Catching Dogfish & Bull Huss: An Anglers Species Guide
There are two common species of dogfish in the UK, the Lesser Spotted Dogfish and the Bull Huss. Both belong to the Catshark family. These salt water fish are sometimes called Rock Eel or, if you’re in a fish and chip shop, Rock Salmon. Dogfish are almost exclusively scavengers that prowl around on the seabed. They hunt in packs, which is how they gained their name. Huss on the other hand are more predatory, solitary and grow far larger. Both can be found lying in the darkness on the seabed, waiting to pick up on the scent of the dead and dying. These fish occasionally take one bait and – hook in mouth – swim over to another bait and take that too, so that they are reeled in by two different anglers at once. This guide covers everything you need to know about these fish.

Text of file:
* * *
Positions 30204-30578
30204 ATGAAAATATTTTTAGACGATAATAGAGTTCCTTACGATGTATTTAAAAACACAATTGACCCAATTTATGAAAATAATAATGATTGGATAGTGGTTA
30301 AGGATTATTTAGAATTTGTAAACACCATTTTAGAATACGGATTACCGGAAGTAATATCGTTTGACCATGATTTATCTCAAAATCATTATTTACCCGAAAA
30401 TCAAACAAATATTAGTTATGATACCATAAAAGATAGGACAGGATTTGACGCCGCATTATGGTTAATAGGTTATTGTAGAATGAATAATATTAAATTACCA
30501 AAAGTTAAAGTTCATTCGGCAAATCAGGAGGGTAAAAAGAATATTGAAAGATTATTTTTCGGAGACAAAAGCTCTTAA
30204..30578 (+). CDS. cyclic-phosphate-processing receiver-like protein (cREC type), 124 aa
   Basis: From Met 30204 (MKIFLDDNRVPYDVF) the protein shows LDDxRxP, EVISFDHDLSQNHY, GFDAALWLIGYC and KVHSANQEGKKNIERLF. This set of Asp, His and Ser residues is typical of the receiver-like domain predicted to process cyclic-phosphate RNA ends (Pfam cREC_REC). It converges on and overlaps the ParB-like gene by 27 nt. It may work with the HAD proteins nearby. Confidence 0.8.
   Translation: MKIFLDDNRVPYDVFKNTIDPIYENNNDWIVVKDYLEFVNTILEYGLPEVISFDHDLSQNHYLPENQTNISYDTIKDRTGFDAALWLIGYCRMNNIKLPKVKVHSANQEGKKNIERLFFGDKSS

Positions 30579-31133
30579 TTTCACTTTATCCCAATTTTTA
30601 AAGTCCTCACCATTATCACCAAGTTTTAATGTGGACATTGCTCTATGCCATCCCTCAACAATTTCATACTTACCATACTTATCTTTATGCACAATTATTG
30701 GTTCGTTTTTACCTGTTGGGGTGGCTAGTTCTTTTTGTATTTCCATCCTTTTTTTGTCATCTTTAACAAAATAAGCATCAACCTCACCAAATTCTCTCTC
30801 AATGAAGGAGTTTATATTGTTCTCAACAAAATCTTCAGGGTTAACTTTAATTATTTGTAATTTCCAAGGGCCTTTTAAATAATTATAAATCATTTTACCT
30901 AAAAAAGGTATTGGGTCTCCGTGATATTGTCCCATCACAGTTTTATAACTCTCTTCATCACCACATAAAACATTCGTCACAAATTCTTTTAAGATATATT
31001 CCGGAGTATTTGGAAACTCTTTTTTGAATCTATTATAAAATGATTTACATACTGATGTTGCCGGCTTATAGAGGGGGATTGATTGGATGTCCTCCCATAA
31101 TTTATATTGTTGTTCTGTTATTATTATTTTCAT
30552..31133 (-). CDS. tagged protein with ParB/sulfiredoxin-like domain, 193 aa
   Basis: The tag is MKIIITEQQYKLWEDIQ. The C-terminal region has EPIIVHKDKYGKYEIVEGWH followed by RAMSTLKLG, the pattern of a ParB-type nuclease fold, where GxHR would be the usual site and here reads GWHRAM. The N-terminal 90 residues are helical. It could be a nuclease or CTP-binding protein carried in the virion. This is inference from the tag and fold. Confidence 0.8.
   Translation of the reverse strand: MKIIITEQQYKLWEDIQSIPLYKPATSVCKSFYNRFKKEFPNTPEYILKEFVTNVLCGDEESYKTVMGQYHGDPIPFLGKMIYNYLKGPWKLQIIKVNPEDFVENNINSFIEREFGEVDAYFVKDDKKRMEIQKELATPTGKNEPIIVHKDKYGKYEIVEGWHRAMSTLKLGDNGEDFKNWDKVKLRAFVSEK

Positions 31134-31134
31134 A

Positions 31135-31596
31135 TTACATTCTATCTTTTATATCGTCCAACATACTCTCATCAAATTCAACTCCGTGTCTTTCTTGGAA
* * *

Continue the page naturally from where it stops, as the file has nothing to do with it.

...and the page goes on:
Dogfish can be caught over all types of ground, from estuary mud flats to sandy, pebbly or rough ground. Lesser spotted dogfish are found between 5-100m and very common over sandy ground about as far as you can cast from the beach, where they will often sit idly on the seabed waiting to pick up on a scent. For this reason bottom fishing with a static bait and resisting the urge to reel in too frequently is the best way to catch dogfish.
The simple way to tell doggies and huss apart is that bull huss have larger, darker and fewer spots than the dogfish. Bull Huss also grow to about twice the size of dogfish, reaching up to 150cm. The sure way to tell them apart is that dogfish have a nasal flap that meets in the middle and extends over the upper jaw, whereas in bull huss the two nasal flaps are detached and stop before reaching the upper jaw. This flap by the way is sort of like the upper lip on the fishes mouth.